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Please use this identifier to cite or link to this item: http://arks.princeton.edu/ark:/88435/dsp01sx61dq41f
Title: Internet Derived Health Information About Pre-Exposure Prophylaxis (PrEP) for Human Immunodeficiency Virus (HIV) Prevention in Adolescents: A Qualitative Analysis of HIV Prevention Health Information Found Online
Authors: Darien, Kaja
Advisors: Enquist, Lynn
Department: Molecular Biology
Class Year: 2021
Abstract: Background: Adolescents and young adults comprise a large number of new HIV diagnoses, suggesting that HIV prevention methods should also aim to include this population to reduce the number of new diagnoses. Adolescents and young adults are also large consumers of technology and likely turn to internet resources for health topics they may not feel comfortable discussing with their medical providers. It is important that the information produced from these searches is educational and accurate so that informed health decisions can be made. Objective: The objectives of this study were to determine whether reliable and accurate information can be found using web search engines and virtual assistants as well as to assess the readability of the resulting information for intended audiences. Results: Google web search engine and Google Assistant produced PrEP information of higher quality than the other search engines and virtual assistants used. However, the internet derived information about PrEP for HIV prevention using web search engines and virtual assistants is only partially accurate and generally fails to provide useful information to potential users. Additionally, the resulting information generally was presented in language at an eighth-grade reading level. Methods: A large list of questions was narrowed down to 23 and posed to the following search engines: Ask.com, Bing, Google, and Yahoo and the following virtual assistants: Amazon Alexa, Microsoft Cortana, Google Assistant, and Apple Siri. The first five results from search engines and virtual assistant web references as well as virtual assistant transcripts were recorded and coded using a six-tier scale to assess the quality of information produced. The results were also entered in an online web-tool that determined the information readability using the Flesch-Kincaid Grade Level Scale. Conclusion: Future HIV prevention methods should focus on the ease of accessing information in addition to offering information in a way that is more comprehensible for adolescents and young adults as well as other populations.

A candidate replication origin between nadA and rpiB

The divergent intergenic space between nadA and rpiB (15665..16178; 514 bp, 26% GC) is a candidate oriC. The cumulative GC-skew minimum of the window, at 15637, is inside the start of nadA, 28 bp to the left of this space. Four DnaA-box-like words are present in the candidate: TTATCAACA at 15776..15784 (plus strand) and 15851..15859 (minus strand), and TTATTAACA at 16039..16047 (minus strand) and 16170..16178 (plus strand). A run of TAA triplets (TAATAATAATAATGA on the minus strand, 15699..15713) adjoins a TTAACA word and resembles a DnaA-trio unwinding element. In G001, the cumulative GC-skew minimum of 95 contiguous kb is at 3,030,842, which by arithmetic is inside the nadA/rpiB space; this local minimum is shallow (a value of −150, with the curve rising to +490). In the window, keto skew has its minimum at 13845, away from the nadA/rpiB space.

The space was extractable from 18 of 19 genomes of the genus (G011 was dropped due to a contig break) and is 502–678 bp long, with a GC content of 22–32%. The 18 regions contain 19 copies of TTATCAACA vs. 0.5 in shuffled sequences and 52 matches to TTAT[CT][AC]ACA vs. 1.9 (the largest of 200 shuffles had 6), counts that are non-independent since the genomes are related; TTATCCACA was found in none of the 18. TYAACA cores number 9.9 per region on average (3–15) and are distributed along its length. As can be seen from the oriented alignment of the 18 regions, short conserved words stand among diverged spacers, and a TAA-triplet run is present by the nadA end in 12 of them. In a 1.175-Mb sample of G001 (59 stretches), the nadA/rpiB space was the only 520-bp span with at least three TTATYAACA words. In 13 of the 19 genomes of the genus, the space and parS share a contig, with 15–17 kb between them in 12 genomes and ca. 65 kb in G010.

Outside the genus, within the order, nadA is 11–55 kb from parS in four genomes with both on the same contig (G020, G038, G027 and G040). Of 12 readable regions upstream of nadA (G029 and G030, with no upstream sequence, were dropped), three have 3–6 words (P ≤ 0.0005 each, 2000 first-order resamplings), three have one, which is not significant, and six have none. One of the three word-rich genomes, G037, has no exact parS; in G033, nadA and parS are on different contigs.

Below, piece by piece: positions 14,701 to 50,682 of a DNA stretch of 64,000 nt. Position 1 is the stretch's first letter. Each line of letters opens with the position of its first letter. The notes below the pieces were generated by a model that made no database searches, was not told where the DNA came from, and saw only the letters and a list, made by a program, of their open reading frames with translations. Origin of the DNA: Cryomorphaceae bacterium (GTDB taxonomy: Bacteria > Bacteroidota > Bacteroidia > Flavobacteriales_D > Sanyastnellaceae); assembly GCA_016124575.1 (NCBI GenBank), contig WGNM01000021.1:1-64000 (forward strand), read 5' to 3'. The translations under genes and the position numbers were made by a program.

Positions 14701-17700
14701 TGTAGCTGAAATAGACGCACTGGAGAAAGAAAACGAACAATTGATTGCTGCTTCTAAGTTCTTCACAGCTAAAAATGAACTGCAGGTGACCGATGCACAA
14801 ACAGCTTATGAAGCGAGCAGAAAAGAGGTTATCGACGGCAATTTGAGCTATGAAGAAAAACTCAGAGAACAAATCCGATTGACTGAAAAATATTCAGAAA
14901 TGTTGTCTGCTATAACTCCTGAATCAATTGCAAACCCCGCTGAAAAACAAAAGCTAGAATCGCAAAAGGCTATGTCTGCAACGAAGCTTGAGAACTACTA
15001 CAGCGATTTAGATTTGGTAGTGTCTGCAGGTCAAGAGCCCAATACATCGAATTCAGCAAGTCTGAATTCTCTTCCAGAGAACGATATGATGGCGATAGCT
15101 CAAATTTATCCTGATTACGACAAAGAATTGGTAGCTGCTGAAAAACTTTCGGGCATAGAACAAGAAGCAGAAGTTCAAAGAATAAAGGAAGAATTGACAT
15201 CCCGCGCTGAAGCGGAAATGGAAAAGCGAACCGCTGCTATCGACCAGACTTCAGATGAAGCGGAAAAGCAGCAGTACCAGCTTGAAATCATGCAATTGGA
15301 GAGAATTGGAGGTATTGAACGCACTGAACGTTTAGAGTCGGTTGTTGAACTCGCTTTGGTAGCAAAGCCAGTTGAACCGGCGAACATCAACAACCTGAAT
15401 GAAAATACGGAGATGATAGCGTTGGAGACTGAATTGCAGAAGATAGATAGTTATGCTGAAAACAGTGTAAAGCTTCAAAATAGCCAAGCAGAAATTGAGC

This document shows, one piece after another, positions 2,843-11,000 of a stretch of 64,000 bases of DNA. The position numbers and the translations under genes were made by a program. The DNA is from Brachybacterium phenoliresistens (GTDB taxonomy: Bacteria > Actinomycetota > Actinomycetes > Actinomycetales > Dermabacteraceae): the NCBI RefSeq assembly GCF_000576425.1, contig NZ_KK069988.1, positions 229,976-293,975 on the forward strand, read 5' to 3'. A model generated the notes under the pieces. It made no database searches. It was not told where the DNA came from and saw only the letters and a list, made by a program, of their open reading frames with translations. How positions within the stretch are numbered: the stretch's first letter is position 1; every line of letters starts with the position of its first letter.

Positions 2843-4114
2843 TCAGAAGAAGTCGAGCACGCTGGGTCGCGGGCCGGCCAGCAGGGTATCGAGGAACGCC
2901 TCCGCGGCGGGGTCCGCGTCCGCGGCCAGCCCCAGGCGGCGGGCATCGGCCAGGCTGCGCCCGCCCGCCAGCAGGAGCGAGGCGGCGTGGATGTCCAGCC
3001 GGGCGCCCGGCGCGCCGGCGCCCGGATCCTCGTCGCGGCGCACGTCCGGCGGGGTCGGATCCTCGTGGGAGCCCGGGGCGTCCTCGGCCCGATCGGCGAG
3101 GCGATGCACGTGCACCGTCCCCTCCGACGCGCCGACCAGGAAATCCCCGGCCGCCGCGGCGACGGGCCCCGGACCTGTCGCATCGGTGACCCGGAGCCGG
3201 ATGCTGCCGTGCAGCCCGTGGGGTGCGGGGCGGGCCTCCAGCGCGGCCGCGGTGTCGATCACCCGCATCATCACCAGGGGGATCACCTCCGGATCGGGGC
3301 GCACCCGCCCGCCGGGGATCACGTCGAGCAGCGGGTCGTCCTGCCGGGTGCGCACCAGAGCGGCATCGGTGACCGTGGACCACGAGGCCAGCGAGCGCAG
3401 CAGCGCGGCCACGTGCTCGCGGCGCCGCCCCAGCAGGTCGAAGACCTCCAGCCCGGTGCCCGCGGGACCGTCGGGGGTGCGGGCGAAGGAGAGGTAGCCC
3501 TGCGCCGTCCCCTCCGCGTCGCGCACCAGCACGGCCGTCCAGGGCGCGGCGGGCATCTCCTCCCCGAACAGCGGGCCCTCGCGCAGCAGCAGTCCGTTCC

URI: http://arks.princeton.edu/ark:/88435/dsp01sx61dq41f
Type of Material: Princeton University Senior Theses
Language: en
Appears in Collections:Molecular Biology, 1954-2021

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